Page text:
A Nashville Predators prospect has come out as gay before his first NHL camp, intent on leading an “authentic life.”
Luke Prokop, a 19-year-old Canadian who was a third-round pick in the 2020 draft last fall, posted a message to Twitter on Monday:
“It has been quite the journey to get to this point in my life, but I cannot be happier with my decision to come out,” he said. “From a young age I have dreamed of being an NHL player, and I believe that living my authentic life will allow me to bring my whole self to the rink improve my chances for filling my dreams.”
No active NHL player has come out as gay. Prokop said he hopes his example shows that gay people are welcome in the hockey community.
Las Vegas Raiders defensive end Carl Nassib in June became the first active NFL player to come out.
NHL Commissioner Gary Bettman commended Prokop “for sharing his truth and for being so brave.”
“I share his hope that these announcements can become more common in the hockey community,” Bettman said n a statement. “LGBTQ players, coaches and staff can only perform at their absolute best if they live their lives as their full and true selves. We do not take the meaning and importance of this announcement lightly.”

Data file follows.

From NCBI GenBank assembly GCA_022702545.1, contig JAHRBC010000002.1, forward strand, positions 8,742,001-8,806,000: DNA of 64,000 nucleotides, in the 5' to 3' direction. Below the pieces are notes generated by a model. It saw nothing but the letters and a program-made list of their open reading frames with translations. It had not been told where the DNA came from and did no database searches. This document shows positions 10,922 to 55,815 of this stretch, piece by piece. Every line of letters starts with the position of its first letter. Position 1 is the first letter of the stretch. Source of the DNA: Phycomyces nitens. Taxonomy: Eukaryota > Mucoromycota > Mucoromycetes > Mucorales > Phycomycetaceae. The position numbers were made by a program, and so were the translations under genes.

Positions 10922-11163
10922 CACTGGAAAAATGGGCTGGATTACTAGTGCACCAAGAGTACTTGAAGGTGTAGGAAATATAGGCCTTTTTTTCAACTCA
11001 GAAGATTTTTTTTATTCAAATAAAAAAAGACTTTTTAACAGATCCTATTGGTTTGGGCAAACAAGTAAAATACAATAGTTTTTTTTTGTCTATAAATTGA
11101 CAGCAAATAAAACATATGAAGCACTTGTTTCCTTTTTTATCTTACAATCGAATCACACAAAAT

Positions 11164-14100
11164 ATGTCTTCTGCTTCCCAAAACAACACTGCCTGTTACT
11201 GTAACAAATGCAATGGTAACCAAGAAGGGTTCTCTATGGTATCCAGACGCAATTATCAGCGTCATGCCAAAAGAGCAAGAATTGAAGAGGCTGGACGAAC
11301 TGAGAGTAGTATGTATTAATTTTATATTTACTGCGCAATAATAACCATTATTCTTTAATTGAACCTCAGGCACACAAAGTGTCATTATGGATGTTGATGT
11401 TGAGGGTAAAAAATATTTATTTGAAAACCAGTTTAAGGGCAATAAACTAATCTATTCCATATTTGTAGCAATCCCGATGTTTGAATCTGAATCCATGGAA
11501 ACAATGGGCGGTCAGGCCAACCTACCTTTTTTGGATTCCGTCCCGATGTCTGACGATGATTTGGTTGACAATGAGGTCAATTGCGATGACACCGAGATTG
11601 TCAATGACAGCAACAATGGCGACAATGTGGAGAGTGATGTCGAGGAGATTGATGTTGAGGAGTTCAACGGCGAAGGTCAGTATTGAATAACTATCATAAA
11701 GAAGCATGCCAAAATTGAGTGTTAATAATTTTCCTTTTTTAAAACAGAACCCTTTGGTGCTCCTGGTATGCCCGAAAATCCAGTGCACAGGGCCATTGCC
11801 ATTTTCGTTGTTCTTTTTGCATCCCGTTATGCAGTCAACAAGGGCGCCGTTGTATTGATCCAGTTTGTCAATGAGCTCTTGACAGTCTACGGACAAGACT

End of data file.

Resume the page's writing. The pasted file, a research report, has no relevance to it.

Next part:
Added Don Fehr, executive director of the NHL players’ union: “We know the NHL hockey community will support Luke as he strives toward his goal of playing in the NHL, and we applaud the example he is setting for those in the game of hockey and beyond.”
The Predators said in a statement the club is “proud of Luke for the courage he is displaying in coming out today, and we will support him unequivocally in the days, weeks, and years to come as he continues to develop as a prospect.”
A 6-foot-4, 218-pound defenseman, Prokop could be a part of Nashville’s youth movement in the coming years. Owner Harris Turner and president Jon Greenberg of the American Hockey League’s Milwaukee Admirals, Nashville’s top minor league affiliate, lauded Prokop for his decision.
Prokop is from Edmonton, Alberta. He played parts of the past four seasons with Calgary in the Western Hockey League. The Calgary Hitmen said in a statement, “Representation matters, and your courage will help so many others.”
Bettman pledged the NHL will “do everything possible to ensure Luke’s experience is a welcoming and affirmative one” and work to ensure support for players who follow his path.
Prokop said the past year and a half gave him a chance to find his true self.
“I am no longer scared to hide who I am,” he said. “I may be new to the community but I’m eager to learn about the strong and resilient people who came before me and pave the way so I could be more comfortable today.”
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